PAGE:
Note: I've edited the post to swap explanations #5 and #6, and added new counterarguments against the importance of #5 (self-fertilisation).

There are many explanations of the evolutionary value of sex in terms of gene exchange (I particularly like this one). But these don’t explain the evolutionary value of having sexes: of the differentiation between males and females. A species of hermaphrodites would get all the genetic benefits of sex, but without the massive cost of half its population being unable to bear offspring. On average, each individual could have twice as many offspring, unless other problems arose. And indeed, most plants are hermaphroditic - but only a few animals. So why aren’t most animals hermaphrodites? A quick search doesn’t turn up any widely accepted answer, so I’ve brainstormed a few possibilities. I may well be missing something obvious; if so, let me know.

  1. Resource cost of being hermaphroditic. If there’s a strong division of labour between males and females, then maybe it’s harder for hermaphrodites to gather enough resources to support offspring. But in many species the males contribute little in terms of resources - e.g. in orang-utans, who are very solitary.
  2. Developmental or metabolic costs of being hermaphroditic. Maybe it’s just a very expensive adaptation. But this seems unlikely to be the main factor - the relevant baseline is the existence of males at all, which is a huge energy cost.
  3. Difficulty of evolving hermaphroditism. Maybe this is just hard for evolution to find? But non-reproductive hermaphroditism seems like it arises via mutations pretty frequently, so I’d be surprised if reproductive hermaphroditism were unachievable by evolution. And in fact there are a few hermaphroditic species - so why haven’t they spread much more widely?
  4. Difficulty of fixating hermaphroditism. A hermaphrodite in a species without many hermaphrodites is likely not as attractive to females as most males are, nor as fertile as most females are. So maybe, even after arising, the trait will be selected against. But on timeframes where sexual desires can themselves evolve, all else equal we should expect stabilising sexual selection towards the best combination of fertility and attractiveness. E.g. it would be undesirable to be impregnated by overly masculine conspecifics, because the resulting offspring would be less fertile themselves. So this adds a bit more difficulty to reaching the hermaphroditic equilibrium, but doesn’t answer the core question of why that’s a less fit equilibrium.
  5. Self-fertilisation. I remember reading a while back that self-fertilisation has a strong short-term advantage, despite losing out on the long-term benefits of sex (this old paper has a section on “selection in favour of self-fertilisation”, although I haven’t read it in detail). So maybe the answer is that hermaphrodites end up evolving ways to self-fertilise, which is harmful in the long run, and so group selection prevents the trait from becoming too widespread. This effect plausibly occurs in plants, but not strongly enough to prevent most of them from being hermaphroditic. And presumably it's significantly harder for plants to prevent self-fertilisation (since their pollen spreads widely) than it is for animals.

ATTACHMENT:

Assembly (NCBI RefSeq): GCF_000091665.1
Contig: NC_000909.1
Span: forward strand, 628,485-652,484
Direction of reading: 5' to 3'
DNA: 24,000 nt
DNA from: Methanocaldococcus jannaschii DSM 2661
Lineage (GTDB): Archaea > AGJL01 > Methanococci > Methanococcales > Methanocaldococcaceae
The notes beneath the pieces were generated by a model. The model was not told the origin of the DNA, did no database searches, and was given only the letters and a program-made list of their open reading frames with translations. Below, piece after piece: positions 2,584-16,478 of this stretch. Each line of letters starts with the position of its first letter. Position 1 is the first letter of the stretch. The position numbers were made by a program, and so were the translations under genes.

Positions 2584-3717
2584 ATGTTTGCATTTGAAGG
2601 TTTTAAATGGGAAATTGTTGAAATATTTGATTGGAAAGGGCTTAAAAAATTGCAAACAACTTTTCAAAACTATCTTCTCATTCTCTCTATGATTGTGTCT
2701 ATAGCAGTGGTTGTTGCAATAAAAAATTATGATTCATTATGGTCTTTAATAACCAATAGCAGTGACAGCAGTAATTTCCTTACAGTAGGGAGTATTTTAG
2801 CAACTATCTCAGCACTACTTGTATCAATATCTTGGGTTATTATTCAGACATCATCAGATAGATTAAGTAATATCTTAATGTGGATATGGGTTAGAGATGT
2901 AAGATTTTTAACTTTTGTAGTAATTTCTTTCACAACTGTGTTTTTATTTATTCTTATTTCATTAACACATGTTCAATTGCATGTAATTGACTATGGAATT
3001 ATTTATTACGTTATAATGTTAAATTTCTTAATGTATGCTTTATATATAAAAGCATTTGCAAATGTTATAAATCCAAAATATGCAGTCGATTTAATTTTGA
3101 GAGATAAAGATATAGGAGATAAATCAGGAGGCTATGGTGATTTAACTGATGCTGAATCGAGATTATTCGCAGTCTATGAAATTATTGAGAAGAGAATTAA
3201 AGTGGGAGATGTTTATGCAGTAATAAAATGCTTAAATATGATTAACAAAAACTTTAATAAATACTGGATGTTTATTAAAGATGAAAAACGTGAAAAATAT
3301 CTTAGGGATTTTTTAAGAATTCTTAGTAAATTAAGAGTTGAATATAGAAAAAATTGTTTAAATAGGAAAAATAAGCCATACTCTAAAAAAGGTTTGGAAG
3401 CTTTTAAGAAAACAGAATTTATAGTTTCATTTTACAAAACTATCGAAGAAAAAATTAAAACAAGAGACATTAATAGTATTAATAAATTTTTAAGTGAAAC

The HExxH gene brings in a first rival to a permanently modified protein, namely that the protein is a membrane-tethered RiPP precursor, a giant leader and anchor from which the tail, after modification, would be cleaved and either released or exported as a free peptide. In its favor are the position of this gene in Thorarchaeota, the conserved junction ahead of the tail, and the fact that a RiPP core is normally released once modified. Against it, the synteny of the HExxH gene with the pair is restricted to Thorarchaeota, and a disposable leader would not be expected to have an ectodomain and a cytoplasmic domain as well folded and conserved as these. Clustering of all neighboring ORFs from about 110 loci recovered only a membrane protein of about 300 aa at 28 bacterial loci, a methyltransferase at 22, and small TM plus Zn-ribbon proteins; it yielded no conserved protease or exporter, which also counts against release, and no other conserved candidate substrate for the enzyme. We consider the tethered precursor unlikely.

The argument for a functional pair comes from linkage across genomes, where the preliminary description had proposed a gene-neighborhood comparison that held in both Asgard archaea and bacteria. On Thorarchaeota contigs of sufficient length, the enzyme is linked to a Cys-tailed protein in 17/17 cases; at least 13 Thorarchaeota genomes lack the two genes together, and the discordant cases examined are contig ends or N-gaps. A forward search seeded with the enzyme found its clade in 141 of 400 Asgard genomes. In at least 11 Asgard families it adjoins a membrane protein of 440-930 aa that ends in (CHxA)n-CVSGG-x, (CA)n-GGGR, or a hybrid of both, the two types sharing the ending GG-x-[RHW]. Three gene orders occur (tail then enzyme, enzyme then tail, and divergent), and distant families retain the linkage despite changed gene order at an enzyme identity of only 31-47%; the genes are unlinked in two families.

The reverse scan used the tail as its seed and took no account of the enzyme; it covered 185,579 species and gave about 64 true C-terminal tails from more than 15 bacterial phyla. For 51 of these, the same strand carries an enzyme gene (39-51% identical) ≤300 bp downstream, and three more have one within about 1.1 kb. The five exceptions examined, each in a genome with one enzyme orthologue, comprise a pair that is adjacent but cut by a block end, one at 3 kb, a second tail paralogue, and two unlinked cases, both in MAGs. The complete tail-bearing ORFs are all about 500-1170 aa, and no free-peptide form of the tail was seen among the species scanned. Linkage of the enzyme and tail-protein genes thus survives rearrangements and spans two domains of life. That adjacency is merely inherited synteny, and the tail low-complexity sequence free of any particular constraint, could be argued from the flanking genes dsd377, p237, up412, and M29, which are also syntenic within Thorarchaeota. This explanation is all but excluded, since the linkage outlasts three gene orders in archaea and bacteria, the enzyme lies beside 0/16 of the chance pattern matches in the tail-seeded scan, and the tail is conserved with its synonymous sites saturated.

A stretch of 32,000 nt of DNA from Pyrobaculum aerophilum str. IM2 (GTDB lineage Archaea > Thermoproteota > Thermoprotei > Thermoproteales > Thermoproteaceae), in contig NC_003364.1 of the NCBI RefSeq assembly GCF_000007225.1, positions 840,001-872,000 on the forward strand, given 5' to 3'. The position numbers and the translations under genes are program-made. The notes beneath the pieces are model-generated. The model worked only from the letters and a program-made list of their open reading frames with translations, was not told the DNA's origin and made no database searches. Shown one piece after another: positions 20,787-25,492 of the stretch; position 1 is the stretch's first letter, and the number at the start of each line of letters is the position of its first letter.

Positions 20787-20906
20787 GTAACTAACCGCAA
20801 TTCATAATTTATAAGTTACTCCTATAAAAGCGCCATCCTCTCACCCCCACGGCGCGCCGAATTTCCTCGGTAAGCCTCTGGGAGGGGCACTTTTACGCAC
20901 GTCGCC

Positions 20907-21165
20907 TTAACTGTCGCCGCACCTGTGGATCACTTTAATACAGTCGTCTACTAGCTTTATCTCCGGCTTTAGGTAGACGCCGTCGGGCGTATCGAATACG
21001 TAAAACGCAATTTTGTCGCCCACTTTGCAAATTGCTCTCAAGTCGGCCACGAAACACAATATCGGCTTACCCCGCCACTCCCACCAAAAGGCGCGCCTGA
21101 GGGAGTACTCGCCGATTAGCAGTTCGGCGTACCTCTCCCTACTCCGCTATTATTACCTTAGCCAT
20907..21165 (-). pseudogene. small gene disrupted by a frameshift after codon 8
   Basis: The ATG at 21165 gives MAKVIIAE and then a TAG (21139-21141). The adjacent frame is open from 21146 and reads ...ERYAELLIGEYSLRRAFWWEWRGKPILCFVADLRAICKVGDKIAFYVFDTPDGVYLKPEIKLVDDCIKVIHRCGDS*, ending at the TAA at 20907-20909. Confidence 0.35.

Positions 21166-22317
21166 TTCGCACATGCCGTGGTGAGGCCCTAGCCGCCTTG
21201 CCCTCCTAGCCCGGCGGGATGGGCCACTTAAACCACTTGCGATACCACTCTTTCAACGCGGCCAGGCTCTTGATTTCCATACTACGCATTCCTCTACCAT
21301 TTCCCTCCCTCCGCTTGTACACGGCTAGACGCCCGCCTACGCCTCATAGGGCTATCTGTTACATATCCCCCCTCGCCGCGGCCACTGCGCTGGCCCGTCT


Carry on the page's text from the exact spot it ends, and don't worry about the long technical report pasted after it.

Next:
I’m open-minded to the possibility that a combination of these explanations is responsible. But none of them seems particularly strong to me; so I'm guessing that the biggest effect comes from:

6. Physical dominance. Maybe animal competition to impregnate fertile conspecifics is grounded in physical power, so that dominant males could just prevent hermaphrodites (who invest less in muscle and brawn) from having sex. In some sense this is a variant of the first possibility: the comparative advantage of muscle is just so strong that the best solution is to have a division of labour. But it focuses not on problems posed by the environment, but rather on problems posed by one’s own species. If true, it feels a bit sad: that there could be a much better solution if it weren’t for the threat of physical force. But it does seem pretty plausible to me - especially because hermaphroditism is much more common in plants, which can’t use the strategy of physical dominance.

  • The main argument against it is that males in some species don’t compete via shows of force - e.g. birds which sing to attract mates. But birds are unusual in other ways too - e.g. over 90% of bird species are monogamous (as compared with less than 5% of mammals), which makes it more plausible that the "strong division of labour" hypothesis explains their sexual differentiation.  So I'd be interested in pointers to any literature on how many non-monogamous species lack physical male competition.
  • Also, in some species several different mating strategies remain in equilibrium (including strategies which involve surreptitious mating unnoticed by a dominant male). So even if physical dominance is the best strategy, is it really so much better that it can crowd out all the others?

Getting more clarity on this topic isn’t a priority for me, but I do think of the question as one small data point that might help ground big-picture abstractions about competition and cooperation (in a comparable way to how knowledge of how insect colonies works provides an interesting metaphor for thinking about society).

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